Posts tagged ‘Commissioners’

September 9, 2013

APPG – All Pretty Pessimistic (and) Gloomy

I attended the APPG (All Party Parliamentary Group) this afternoon which focused on commissioning and the impact of localism on the VAWG sector.  Chaired by Bridget Phillipson, MP, we had three excellent presentations from Polly Neate, CEO of Women’s Aid, Mary Mason, CEO of Solace Women’s Aid and Anthony Wills, CEO of Standing Together.  Polly reminded us of the Government’s commitment to strengthening the commissioning framework and improving support for women and girls locally.  The picture that all three painted of what is happening in practice seemed a far cry from this.

The themes that emerged included the fact that many parts of the sector didn’t have the capacity to respond to the new commissioning requirements with often inconsistent standards and outcome frameworks, small specialist organisations and the need for them to have pretty sophisticated business development teams which simply don’t exist widely.  Concerns were expressed about too much focus on high risk at the expense of early intervention and long term support.  [It will amaze you to know, that we don’t think that the two are mutually exclusive – see previous blogs on Themis].  Other points included a lack of input from service users, the loss of self help and activism and the loss of former service users ending up working in, and often leading, specialist services as generic providers win contracts. All the speakers rightly stressed the importance of specialist services and were worried that commissioning processes often ended up with the wrong provider winning the contract with too much focus on cost versus quality.  There was a call for a commissioning framework for the sector, and for longer term contracts as well as clear and simple indicators and outcome measures.  The tone of the meeting was indeed APPG, All Pretty Pessimistic and Gloomy.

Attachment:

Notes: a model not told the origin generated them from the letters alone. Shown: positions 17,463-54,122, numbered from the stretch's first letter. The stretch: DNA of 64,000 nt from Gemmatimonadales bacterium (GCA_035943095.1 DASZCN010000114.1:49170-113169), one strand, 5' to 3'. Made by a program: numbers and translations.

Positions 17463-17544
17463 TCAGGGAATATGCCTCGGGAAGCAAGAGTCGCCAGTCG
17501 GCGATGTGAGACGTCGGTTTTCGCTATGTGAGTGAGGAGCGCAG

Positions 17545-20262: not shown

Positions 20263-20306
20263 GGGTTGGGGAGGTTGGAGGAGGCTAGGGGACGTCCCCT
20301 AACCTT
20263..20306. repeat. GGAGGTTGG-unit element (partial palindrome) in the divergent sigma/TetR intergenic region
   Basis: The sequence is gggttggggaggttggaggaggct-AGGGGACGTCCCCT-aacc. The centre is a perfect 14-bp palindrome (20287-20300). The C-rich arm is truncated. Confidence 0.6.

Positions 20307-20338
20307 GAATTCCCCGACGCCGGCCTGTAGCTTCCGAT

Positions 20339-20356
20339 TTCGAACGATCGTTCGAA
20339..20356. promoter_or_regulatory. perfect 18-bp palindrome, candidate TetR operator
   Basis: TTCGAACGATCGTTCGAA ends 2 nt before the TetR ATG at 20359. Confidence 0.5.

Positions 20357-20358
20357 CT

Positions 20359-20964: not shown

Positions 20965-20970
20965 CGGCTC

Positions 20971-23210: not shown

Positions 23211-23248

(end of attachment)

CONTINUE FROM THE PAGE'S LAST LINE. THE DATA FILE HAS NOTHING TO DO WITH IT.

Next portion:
Probably the most positive part of the meeting was the call for our sector to speak with one voice on these issues.  We certainly would like to see this happen.

Within CAADA we are trying to address some of these points as they relate to IDVA provision in particular, but also more widely to build the evidence base for other services to demonstrate their impact.   Our Shared Insights – Shared Outcomes programme aims to link specialist providers with their local commissioner(s) to ensure that these specialisms are not lost, their value is quantified and the experience of service users drives decisions by commissioners, service managers and practitioners.  We can provide output and outcome data for all the key community based services that are delivered by specialist providers.  If you think that this might be useful to your service, please see http://www.caada.org.uk/commissioners/Insights-for-commissioners.html

Similarly, we are starting to develop materials for commissioners so that they can commission to the standards that we would all hope to see.  You can help us by making sure that your local commissioner is aware of these and please contact us if you think we can support you in this area.  There is more information about this at http://www.caada.org.uk/commissioners/information-for-commissioners.html